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Mentoring program helps new teachers

When it comes to finding and hiring talented new teachers, it's a competitive world out there with some big city schools able to field a dozen representatives or offer huge sign-on bonuses during recruitment fairs.

In order to compete, McDuffie County offers something those big schools can't -- a sense of belonging.

Margie Waters, assistant superintendent for human resources, said teachers appreciate the genuine, warm welcome they get through programs like a comprehensive new teacher orientation at the start of the school year and a first class mentoring program in place throughout the year.

The mentoring program is a voluntary activity that matches new teachers with veteran teachers who are skilled, trained and certified to provide support, Dr. Waters said.

The mentors convey enthusiasm for teaching and an authentic interest in their mentees, who benefit from the support and help during their first year on the job. The first three years determine whether a person remains in the field of education, and the district wants to make those important years positive for teachers.

"We are trying to maintain and keep our teachers in this district," said Dr. Waters who regularly evaluates the mentoring program and meets with both new and experienced teachers.

New teachers joined their mentors and Dr. Waters recently at the Board of Education Office to discuss the program as the school year winds down.

New teacher Jessica Keener of Norris Elementary School said the mentoring program was positive and practical.

"I've found it very beneficial. The best thing was knowing there was one person to fall back on," said Ms. Keener of her mentor, Susan McFadyen, a fourth grade teacher at Norris.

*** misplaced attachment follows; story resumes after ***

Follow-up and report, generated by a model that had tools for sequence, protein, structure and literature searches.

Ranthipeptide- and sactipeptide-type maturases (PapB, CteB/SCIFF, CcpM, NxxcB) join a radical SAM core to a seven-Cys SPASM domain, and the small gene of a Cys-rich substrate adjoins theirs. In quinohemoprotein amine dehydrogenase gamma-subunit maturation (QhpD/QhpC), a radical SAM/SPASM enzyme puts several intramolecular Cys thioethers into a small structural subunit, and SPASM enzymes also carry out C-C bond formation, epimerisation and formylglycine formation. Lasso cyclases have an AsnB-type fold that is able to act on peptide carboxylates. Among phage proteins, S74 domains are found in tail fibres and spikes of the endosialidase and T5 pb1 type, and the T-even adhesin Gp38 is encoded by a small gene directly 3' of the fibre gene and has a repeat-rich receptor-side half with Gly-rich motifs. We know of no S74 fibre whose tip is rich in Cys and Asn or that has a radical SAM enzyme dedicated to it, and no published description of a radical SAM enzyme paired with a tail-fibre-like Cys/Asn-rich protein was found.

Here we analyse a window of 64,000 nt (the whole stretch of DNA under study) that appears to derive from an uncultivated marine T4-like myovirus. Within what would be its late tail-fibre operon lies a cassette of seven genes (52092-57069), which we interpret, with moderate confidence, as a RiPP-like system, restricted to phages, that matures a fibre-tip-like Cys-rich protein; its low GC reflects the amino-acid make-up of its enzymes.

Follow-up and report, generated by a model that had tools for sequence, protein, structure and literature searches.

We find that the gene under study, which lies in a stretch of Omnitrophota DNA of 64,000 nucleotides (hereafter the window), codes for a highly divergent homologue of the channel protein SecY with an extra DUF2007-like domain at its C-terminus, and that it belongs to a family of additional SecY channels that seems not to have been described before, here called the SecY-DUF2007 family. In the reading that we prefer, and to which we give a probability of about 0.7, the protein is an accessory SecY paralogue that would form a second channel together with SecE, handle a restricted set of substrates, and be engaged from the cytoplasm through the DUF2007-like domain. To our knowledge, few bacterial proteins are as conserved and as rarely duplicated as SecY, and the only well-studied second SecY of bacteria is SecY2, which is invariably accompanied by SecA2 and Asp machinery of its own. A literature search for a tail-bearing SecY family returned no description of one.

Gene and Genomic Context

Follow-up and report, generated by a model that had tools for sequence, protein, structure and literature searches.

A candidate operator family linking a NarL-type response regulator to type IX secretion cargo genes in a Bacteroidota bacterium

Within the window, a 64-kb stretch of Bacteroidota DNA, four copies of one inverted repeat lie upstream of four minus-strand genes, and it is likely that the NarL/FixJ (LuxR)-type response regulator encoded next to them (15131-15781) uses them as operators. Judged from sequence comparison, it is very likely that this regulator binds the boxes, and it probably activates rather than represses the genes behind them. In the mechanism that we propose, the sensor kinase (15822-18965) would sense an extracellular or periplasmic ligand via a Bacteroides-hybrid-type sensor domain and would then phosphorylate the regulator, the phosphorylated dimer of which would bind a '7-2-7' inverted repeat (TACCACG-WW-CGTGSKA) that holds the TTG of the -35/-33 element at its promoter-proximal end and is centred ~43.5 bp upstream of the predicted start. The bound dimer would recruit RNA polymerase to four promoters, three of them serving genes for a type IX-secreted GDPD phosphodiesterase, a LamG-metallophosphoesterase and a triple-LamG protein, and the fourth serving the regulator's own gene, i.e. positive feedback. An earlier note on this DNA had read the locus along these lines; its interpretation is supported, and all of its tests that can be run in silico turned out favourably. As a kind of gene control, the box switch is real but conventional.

"She knows if she needs me, I'm available," said Ms. McFadyen.

"There is something to be said about being in a district like this where everyone is so supportive in and out of the classroom," said Countess Wilkerson, reading teacher at Crossroads.

"That is one of the selling points -- we don't leave you alone. If there is a need, we are supportive of one another," said Ms. Wilkerson, who said she had been "doubly blessed" to mentor two new teachers this year.

In fact, McDuffie County schools offer such a feeling of kinship some teachers choose to make an inconvenient commute just to remain part of the system.

Monica Perrin of Thomson Elementary School drives more than an hour each way from her home in South Carolina because she wants to stay in the McDuffie County system.

"A lot of why I've stayed here is the support and love. I like that about the district," she said.

Some teachers even settle on the district as the place they want to be before they get their certificates. Several who have completed student teaching in local schools have returned as full fledged teachers, while others who attended local schools had a dream of returning as teachers.

Felicia Rivers, a Thomson High School graduate, remembers thinking "I wouldn't mind coming back here to teach."

She said she was thrilled to land a local position, and her first year teaching was made more positive through the support of her mentor, Steve Smith.

"We help each other out. We've had a good year," said Mr. Smith, a Thomson Middle School teacher. Other veteran teachers agreed that they got as much from the program as the new teachers.

New teachers said they would like to one day serve as mentors, too, helping others in the way they have been helped.

"I remember being a mentee," said Norris Elementary's Tamara Hammond, who has taught for 11 years.

"It's a calling. I appreciated the guidance and I'm glad to give that back," she said.

Web posted on Thursday, May 5, 2005


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Updated: 04-Nov-2010 10:01

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